Chapter 14The Three Qualities of Material NatureVerse 5


Sanskrit Vocal





Commentaries of the Four Authorized Vaisnava Sampradayas

as confirmed in the Garga Samhita Canto 10, Chapter 61, Verses 23, 24, 25, 26
Rudra Vaisnava Sampradaya:


Sridhara Swami's Commentary

Having thus declared that the origins of all jivas or embodied beings is from the combination of prakriti or the material substratum pervading all existence and purusa the Supreme Being as eternal consciousness and that they are both manifestations of the Supreme Lord Krishna. The resulting situation of the purusa's conjunction with prakriti is elaborated upon in fourteen verse beginning with this one is described in relationship to the gunas or three modes of material nature: sattva or goodness, rajas or passion and tamas or nescience which all arise from prakriti. The source and foundation of these gunas is only from prakriti and are dependent upon it. The physical body is a product of the three gunas. Everything in material existence is under the influence of the three gunas which binds fast the jivas by connecting the effect of actions to the results of reactions. Due to accepting the illusions of happiness, distress, exhilaration, delusion, etc. The jivas believe that they are physical beings because of identifying with the senses and the physical body. So much so that the eternal part within which is the atma or the immortal soul is completely forgotten even though it is a direct manifestation of the Supreme Lord and in reality immutable and eternal.

Brahma Vaisnava Sampradaya:


Madhvacarya's Commentary

The forms and accruements of attachment obstructing the jiva or embodied being in relation to atma tattva or realization of the immortal soul is indicated in this verse. The words sattva, rajas and tamas are usually depicted as goodness, passion and nescience. But there are other interpretations of the same. Sattva is luminous because goodness illuminates. Rajas is exuberance giving passion to the ego and momentum to activity. Tamas is nescience the degenerative utilization of rajas and the total antithesis of sattva.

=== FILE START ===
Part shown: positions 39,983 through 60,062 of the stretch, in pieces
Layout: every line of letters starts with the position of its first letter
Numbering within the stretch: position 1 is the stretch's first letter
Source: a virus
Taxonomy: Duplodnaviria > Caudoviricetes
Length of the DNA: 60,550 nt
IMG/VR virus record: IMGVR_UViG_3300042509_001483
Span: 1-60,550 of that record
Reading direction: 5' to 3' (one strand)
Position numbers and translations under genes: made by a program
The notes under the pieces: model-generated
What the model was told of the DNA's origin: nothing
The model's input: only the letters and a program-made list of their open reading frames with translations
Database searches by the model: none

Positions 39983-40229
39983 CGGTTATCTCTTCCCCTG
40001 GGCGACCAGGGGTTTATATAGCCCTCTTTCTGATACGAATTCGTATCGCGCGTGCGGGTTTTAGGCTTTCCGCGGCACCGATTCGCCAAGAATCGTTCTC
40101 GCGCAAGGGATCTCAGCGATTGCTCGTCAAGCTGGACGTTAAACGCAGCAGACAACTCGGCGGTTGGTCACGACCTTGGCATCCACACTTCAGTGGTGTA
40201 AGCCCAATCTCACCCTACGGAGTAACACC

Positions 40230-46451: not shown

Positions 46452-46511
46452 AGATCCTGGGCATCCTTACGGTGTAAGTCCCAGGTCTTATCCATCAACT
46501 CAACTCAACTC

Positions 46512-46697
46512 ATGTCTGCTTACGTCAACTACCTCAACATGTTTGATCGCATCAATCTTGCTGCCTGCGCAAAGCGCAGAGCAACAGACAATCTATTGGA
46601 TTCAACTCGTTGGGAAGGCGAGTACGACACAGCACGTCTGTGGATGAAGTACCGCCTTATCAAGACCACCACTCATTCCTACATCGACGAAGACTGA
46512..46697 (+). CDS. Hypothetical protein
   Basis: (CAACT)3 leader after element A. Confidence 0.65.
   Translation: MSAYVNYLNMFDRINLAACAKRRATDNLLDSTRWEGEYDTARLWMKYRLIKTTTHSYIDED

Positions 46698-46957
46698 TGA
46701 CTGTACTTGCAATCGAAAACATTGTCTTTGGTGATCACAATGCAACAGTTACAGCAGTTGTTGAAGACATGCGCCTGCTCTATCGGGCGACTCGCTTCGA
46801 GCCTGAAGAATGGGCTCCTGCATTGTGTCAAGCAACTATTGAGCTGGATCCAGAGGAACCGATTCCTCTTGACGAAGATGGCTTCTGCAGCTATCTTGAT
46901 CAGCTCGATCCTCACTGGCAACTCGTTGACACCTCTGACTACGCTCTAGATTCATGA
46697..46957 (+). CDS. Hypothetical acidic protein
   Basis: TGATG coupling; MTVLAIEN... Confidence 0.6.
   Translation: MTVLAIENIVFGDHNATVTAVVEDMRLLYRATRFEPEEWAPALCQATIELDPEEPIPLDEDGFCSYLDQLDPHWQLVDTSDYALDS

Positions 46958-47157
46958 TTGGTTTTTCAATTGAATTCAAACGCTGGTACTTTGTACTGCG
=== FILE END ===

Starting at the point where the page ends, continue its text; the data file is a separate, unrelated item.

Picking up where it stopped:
Sri Vaisnava Sampradaya:


Ramanuja's Commentary

The three gunas or modes of material nature are sattva or goodness, rajas or passion and tamas or nescience and all arise from prakriti the material substratum pervading physical existence. The gunas in actual fact are the attributes and qualities of prakriti and their existence can be discerned from the effects that they are responsible for producing such as intelligence, dimwittedness or beautiful, ugly, etc. These attributes and qualities are in a latent state within material nature when it is unevolved but manifests themselves when in an evolved state. The results of their effects is that the immutable atma or immortal soul is nibadhnanti which means enslaved by material sentiments of the mind. Due to this the atma is impounded in a body as a captive, forced to be manufactured as a jiva or an embodied being and subject to birth and death within the body of a demigod, human, animal, fish, etc. The characteristics of the individual guna's along with their method of imprisoning the jiva is given by Lord Krishna next.

Kumara Vaisnava Sampradaya:


Kesava Kasmiri's Commentary

Lord Krishna refutes the impersonalistic sankhya philosophy which negates the existence of the Supreme Lord by propounding the combination and essential dependence of the ksetra or field of activity with the ksetra-jna or the knower of the field of activity. He delineates all aspects such as what the qualities are. How they can be recognised. How they keep the jivas or embodied beings in bondage and how this is established and enforced by contact and attraction to sense objects and material nature. He states that the three gunas or qualities of sattva, rajas and tamas or goodness, passion and ignorance respectively are not the actual forms of objects seen, heard, tasted, smelled or touched but are the status of the inherent attributes contained as. Thus prakriti or the material substratum pervading physical existence is defined as the resting place where the three gunas are equipoise and arise from. This same prakriti when agitated by the Supreme Lord's onslaught of time transforms into mahat or cosmic intelligence and firmly becomes bonded with the dualities such as pleasure and pain, happiness and distress, etc. But then one may question why it is stated in chapter 2, verse 30 that the atma or immortal soul can never be destroyed. Anticipating such a query Lord Krishna states the words dehinam avyayam meaning the immutable spirit soul denoting that although the atma resides in the physical body it is immutable and never changes it quality of eternality. So the gunas cause the atma to be imprisoned by the physical body due to its attachment to the body and its attraction to the senses and its desire for sense objects. The Visnu Purana states: The Supreme Lord enters by His own will with equipoise into mutable matter and immutable spirit, activating both at the time of creation. O sage He is both the activator and the activated. By way of contraction and expansion He abides equipoise within prakriti as the ksetrajna from whence the three gunas arise which control the ksetra. This irrevocably manifests at the commencement of creation. So in conclusion the three gunas are the modified essence of prakriti which is generated by the mahat unto all material beings and planets such as Earth and others.

Thus ends commentaries of chapter 14, verse 5 of the Srimad Bhagavad-Gita.

Verse 5

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